The issue raised in these proceedings was effectively whether a refugee who subsequently acquires Irish citizenship by naturalisation lost the right to family reunification pursuant to section 18 of the Refugee Act 1996. The evidence before the court was that between 2010 and 2017 the Minister for Justice accepted applications for family reunification from refugees who had acquired Irish citizenship by naturalisation, but on foot of legal advice in 2017 the Minister reverted to the pre-2010 position that such persons lost their right to refugee family reunification upon naturalisation. The applicants challenged this position in judicial review proceedings. The High Court ( IEHC 113) dismissed the applicants’ challenge, and the applicants appealed.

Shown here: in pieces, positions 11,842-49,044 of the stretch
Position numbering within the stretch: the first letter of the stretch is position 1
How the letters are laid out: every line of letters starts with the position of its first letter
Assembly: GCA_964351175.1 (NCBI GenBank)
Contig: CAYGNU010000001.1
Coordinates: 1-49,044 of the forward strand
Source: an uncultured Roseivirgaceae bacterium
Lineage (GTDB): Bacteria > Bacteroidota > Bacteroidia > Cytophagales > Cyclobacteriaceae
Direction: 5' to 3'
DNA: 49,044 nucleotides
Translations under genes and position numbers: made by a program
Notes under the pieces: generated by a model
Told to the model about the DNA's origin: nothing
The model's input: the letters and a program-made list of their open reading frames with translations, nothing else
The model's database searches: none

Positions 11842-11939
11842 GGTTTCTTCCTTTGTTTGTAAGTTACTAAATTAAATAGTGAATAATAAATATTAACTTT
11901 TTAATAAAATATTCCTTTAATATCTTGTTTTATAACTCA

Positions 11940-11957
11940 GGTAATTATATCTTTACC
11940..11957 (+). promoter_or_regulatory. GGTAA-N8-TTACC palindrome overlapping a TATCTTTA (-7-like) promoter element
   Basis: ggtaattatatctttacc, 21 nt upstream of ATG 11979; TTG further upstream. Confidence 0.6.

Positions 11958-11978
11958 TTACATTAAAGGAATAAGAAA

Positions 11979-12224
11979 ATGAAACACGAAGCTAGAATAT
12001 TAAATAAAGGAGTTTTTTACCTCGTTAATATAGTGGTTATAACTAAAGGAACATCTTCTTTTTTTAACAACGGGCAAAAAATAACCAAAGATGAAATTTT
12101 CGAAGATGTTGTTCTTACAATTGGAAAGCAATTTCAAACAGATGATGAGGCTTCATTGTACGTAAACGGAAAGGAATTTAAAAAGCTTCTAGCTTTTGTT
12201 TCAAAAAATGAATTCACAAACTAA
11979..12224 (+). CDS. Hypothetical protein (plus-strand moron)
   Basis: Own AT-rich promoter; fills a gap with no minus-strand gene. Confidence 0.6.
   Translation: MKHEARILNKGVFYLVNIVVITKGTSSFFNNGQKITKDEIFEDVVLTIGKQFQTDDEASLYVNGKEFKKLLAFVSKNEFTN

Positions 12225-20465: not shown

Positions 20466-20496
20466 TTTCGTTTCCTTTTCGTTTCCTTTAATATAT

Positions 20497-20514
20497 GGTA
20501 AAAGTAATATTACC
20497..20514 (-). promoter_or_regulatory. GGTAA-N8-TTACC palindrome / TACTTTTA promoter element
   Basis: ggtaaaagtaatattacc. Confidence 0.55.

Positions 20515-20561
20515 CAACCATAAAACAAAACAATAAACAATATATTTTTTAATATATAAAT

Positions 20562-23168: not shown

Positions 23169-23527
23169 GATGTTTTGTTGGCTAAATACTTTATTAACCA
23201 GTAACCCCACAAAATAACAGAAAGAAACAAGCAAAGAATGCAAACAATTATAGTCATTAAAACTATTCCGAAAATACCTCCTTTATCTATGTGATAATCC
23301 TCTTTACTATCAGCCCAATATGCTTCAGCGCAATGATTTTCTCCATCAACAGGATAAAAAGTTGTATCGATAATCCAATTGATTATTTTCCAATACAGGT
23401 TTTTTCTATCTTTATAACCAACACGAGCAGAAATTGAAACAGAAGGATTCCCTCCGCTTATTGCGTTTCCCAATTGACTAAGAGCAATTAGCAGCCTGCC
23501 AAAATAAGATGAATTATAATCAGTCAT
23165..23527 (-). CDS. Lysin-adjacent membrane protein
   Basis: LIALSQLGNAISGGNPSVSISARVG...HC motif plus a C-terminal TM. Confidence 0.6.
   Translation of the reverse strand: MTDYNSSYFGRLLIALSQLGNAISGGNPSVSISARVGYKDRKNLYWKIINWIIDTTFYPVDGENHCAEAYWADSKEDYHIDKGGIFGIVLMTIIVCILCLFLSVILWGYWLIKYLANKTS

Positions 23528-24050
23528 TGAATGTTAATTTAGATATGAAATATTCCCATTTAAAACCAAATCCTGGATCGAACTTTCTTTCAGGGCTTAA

The Court of Appeal agreed with the High Court that in order to be eligible for refugee family reunification, a person must meet two requirements: first, be the holder of a declaration of refugee status, and second, that he or she continue to be a refugee within the meaning of the statutory definition. The Court of Appeal was satisfied that the refugee declarations which had previously been granted to the applicants had been revoked by operation of law once they acquired Irish citizenship and they were therefore no longer eligible for refugee family reunification.
Decision: Appeal dismissed.